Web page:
Powerful is the new pretty. If I can help one teeny tiny little bit with that, amazing.”
With a keen, artistic eye, Pollock’s appreciation for visuals first had its origins during her teen years. Devoted to educating herself, the mastery of her craft incorporated the old-school elements, learning to develop film through the use of a dark room. Resourcefully utilizing a room in the family home as a makeshift dark room too, cleverly develop photographs, it emphasized her assiduous approach towards edification.
While technology has advanced the potential of high quality photographs by a quantum leap, the more traditional ways were essential in helping Pollock appreciate the medium. While such a pleasant pursuit evolved into a career for Pollock, its purpose as an outlet to express her happiness and joy, finding creative purpose and professional fulfilment is one that relates to her initial love of the lens.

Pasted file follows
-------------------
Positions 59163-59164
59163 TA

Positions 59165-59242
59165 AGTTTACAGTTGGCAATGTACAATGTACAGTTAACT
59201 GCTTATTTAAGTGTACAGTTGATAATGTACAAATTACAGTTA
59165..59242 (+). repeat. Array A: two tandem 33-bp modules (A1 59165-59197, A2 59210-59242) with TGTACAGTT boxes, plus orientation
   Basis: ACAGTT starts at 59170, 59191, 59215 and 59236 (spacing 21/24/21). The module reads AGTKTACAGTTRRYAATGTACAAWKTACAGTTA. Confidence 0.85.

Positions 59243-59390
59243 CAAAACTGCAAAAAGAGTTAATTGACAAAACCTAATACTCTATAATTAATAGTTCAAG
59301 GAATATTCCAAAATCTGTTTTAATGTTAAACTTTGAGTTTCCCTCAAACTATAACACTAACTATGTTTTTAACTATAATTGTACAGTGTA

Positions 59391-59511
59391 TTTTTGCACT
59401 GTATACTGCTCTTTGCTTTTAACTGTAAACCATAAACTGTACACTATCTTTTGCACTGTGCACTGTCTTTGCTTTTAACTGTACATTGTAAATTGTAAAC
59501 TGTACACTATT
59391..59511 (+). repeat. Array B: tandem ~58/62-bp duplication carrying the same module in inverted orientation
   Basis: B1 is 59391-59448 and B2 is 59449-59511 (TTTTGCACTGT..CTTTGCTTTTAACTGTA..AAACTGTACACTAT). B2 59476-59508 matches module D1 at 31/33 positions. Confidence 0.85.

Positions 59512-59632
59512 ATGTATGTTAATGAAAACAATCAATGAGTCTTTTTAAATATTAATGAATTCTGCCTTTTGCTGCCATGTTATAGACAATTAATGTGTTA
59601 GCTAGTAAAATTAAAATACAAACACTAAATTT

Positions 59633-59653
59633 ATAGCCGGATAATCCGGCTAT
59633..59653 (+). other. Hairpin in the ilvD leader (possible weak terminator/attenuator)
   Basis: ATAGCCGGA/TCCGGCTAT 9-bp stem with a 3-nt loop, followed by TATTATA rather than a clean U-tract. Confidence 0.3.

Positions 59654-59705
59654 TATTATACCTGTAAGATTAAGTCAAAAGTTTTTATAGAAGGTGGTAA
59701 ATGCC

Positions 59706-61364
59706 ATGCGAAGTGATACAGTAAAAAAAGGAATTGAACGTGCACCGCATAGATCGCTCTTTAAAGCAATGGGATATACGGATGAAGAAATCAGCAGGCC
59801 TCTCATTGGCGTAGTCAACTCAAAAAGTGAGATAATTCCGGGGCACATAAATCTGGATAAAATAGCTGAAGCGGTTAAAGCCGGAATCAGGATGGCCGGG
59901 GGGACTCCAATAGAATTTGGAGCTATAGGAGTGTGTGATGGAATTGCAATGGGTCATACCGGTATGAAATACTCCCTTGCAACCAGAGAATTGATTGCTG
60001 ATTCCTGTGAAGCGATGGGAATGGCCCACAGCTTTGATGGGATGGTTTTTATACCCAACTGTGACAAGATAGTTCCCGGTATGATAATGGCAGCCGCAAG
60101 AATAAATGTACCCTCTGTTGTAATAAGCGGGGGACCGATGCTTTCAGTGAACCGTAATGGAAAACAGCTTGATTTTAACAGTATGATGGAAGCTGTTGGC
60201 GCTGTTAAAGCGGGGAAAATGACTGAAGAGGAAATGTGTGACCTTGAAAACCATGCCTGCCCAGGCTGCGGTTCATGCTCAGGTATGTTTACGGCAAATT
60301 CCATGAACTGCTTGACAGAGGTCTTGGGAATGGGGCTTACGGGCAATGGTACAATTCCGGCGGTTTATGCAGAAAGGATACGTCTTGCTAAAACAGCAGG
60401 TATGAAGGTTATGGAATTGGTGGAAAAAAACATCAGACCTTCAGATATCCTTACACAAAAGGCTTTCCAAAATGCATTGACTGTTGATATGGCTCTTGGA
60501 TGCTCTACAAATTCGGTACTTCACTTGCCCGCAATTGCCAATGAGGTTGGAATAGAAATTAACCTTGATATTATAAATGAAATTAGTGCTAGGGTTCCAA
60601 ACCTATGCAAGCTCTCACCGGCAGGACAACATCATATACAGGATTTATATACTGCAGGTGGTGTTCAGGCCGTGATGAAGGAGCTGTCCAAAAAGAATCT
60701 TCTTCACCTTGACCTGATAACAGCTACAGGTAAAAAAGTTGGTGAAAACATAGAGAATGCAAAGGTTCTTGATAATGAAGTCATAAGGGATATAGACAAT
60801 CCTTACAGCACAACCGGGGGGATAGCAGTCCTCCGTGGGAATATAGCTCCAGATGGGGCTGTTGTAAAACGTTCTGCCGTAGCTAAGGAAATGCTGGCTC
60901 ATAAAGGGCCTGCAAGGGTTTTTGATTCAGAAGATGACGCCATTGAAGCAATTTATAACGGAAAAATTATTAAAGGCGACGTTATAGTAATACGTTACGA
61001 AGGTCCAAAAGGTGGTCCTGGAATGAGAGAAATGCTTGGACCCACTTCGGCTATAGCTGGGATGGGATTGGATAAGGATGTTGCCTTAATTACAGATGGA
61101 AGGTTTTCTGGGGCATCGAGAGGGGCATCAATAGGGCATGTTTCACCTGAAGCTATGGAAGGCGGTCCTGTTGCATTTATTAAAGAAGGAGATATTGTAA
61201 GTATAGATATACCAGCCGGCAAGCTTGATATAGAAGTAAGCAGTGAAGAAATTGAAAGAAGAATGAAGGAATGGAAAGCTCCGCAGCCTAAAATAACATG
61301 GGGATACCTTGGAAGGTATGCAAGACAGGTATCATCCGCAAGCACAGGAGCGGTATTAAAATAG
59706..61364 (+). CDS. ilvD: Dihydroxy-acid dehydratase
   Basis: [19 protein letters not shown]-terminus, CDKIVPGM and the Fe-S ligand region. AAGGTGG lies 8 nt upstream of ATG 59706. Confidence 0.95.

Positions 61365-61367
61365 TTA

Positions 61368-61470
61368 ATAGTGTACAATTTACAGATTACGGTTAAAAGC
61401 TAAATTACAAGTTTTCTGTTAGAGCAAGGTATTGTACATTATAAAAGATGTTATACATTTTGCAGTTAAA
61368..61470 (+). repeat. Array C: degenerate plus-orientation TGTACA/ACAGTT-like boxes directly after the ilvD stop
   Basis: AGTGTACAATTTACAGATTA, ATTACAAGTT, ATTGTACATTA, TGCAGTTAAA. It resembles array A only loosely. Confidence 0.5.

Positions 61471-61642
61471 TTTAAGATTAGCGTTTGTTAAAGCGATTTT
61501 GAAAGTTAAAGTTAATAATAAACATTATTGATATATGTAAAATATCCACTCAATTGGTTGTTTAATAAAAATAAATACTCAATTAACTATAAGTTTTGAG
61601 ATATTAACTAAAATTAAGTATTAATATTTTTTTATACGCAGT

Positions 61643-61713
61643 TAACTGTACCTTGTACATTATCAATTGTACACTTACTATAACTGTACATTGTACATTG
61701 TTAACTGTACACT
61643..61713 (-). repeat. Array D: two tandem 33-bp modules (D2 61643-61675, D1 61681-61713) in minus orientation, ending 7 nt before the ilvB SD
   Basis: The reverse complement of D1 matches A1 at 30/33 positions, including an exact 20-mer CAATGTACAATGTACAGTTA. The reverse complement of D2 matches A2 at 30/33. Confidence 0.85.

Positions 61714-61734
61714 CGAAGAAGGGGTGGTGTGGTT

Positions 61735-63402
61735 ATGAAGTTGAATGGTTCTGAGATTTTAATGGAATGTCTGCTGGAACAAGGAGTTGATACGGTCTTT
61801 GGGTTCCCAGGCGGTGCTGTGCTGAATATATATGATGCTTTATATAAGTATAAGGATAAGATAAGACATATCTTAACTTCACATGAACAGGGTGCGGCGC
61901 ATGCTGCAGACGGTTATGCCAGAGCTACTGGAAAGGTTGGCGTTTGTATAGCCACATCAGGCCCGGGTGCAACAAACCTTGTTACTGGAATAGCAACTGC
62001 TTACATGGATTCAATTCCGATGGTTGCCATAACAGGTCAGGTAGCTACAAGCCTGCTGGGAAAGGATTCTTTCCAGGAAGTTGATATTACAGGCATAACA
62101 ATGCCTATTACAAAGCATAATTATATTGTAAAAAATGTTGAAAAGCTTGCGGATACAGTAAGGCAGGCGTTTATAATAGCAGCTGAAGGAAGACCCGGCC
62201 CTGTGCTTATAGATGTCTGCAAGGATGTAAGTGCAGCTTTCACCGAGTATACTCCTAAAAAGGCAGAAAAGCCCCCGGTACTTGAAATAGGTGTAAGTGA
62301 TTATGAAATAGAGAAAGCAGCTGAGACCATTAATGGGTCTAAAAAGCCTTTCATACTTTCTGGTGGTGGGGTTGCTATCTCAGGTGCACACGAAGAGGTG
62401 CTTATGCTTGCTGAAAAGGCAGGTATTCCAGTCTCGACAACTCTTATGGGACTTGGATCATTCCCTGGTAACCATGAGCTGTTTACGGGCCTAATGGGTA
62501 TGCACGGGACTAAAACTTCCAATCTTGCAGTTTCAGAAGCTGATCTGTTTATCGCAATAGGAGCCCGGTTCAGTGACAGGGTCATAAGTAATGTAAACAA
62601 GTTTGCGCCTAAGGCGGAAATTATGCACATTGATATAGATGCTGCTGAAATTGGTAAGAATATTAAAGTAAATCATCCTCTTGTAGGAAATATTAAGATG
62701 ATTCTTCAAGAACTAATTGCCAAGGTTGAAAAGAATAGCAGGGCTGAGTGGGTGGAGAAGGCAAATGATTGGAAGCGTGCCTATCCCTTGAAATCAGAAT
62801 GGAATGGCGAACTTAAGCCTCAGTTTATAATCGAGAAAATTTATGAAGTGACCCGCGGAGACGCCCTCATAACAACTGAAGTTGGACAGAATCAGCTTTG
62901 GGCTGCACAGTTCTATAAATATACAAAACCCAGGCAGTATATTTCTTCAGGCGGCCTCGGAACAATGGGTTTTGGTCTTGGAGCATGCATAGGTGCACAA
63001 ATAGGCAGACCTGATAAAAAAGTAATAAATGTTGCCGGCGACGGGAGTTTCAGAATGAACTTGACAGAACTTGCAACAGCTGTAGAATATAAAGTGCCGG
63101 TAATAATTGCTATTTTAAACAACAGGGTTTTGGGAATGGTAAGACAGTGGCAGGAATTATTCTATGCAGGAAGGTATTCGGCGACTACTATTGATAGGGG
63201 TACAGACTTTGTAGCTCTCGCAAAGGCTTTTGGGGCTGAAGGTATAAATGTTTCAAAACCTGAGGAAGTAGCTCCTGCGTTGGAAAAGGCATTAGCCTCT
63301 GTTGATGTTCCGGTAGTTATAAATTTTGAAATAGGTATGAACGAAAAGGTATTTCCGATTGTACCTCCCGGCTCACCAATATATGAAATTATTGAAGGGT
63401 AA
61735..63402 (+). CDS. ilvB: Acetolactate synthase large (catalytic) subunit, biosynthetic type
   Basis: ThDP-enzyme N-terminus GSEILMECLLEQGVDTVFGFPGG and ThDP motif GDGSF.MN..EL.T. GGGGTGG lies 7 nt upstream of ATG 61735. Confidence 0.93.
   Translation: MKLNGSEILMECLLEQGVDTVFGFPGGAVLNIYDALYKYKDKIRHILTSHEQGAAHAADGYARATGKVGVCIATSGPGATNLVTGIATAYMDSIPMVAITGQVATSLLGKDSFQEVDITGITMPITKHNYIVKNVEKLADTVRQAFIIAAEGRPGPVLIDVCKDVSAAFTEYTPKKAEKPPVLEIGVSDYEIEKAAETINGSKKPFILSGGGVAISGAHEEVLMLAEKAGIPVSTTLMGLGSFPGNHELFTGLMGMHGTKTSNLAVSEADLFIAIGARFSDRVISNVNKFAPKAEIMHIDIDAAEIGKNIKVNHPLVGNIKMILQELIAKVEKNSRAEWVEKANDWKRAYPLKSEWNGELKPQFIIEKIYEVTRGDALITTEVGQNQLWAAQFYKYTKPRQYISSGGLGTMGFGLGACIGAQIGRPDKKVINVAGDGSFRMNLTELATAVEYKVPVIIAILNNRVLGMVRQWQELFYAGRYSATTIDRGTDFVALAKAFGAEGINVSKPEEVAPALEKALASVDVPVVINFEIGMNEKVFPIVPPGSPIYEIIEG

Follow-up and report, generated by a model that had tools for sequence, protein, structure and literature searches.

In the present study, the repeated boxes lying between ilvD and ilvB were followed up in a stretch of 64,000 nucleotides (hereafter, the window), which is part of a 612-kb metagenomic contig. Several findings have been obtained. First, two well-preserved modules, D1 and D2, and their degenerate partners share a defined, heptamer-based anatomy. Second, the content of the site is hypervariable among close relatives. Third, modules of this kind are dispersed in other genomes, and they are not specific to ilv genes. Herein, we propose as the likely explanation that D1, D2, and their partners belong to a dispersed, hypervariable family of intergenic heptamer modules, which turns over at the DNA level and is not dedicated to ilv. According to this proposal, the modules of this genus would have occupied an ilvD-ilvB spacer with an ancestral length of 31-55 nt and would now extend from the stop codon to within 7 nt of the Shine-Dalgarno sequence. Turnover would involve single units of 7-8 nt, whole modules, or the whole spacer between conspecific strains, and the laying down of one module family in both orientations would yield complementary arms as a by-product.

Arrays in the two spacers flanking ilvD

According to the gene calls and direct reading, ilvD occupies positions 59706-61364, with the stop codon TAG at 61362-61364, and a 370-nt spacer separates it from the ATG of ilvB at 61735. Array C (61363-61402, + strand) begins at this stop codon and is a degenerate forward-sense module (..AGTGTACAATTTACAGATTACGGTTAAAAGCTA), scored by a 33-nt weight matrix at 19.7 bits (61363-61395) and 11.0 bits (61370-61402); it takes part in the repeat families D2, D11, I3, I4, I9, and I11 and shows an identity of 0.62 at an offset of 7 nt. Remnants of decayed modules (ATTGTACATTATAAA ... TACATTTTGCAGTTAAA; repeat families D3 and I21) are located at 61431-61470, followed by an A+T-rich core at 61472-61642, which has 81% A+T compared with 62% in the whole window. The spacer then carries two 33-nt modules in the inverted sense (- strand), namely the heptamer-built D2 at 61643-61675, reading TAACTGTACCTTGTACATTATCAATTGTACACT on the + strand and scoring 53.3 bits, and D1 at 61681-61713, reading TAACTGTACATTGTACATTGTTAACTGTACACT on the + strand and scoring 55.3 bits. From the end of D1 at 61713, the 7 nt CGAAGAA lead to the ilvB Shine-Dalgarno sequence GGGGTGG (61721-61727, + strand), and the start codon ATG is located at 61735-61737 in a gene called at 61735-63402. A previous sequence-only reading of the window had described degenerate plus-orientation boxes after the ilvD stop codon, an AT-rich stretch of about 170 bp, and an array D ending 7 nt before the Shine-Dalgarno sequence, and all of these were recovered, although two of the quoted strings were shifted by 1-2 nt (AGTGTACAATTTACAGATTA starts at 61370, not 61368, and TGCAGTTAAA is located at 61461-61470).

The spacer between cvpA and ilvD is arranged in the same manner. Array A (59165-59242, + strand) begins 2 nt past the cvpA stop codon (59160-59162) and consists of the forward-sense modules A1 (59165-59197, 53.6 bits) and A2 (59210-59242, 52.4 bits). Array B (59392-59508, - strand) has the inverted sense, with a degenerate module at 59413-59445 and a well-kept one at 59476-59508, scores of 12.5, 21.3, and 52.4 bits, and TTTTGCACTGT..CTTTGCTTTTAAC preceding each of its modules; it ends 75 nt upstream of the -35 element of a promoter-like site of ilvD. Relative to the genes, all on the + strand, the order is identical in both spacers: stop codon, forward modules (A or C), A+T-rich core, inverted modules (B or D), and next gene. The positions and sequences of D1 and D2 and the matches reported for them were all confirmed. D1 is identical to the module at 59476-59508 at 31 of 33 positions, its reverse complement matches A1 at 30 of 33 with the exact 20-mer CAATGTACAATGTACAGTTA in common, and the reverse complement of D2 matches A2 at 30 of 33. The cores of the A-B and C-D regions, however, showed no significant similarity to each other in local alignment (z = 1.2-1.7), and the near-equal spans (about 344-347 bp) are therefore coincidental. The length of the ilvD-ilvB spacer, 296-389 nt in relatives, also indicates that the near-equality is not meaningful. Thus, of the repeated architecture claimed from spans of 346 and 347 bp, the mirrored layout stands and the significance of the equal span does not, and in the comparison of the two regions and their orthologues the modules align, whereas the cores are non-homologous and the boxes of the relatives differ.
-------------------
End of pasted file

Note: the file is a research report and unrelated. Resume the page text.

“When I was in high school I had a part-time job in a photo lab. The whole photographic process became quite fascinating to me and I started hobby-shooting. My folks let me use their basement bathroom as a darkroom (they have always been cool and supportive like that). I never thought it was something I would do as a career, though.
For years, I worked in a different industry, but I really needed an artistic outlet. I started taking some part-time photography classes and remembered how much I loved it. I miss the mystery of film — it was like magic when the images started to appear in the developer — but I have learned to embrace digital.
Life is short. Do what you can to be happy. Please.”
Of note, Pollock’s fascinating vision mirrors the ground breaking work of another sensational female sporting photographer. Candice Ward, whose superlative portraits of the WWCFL’s Calgary Rage, helped raise awareness for the women’s tackle football team, subsequently becoming an invaluable marketing tool.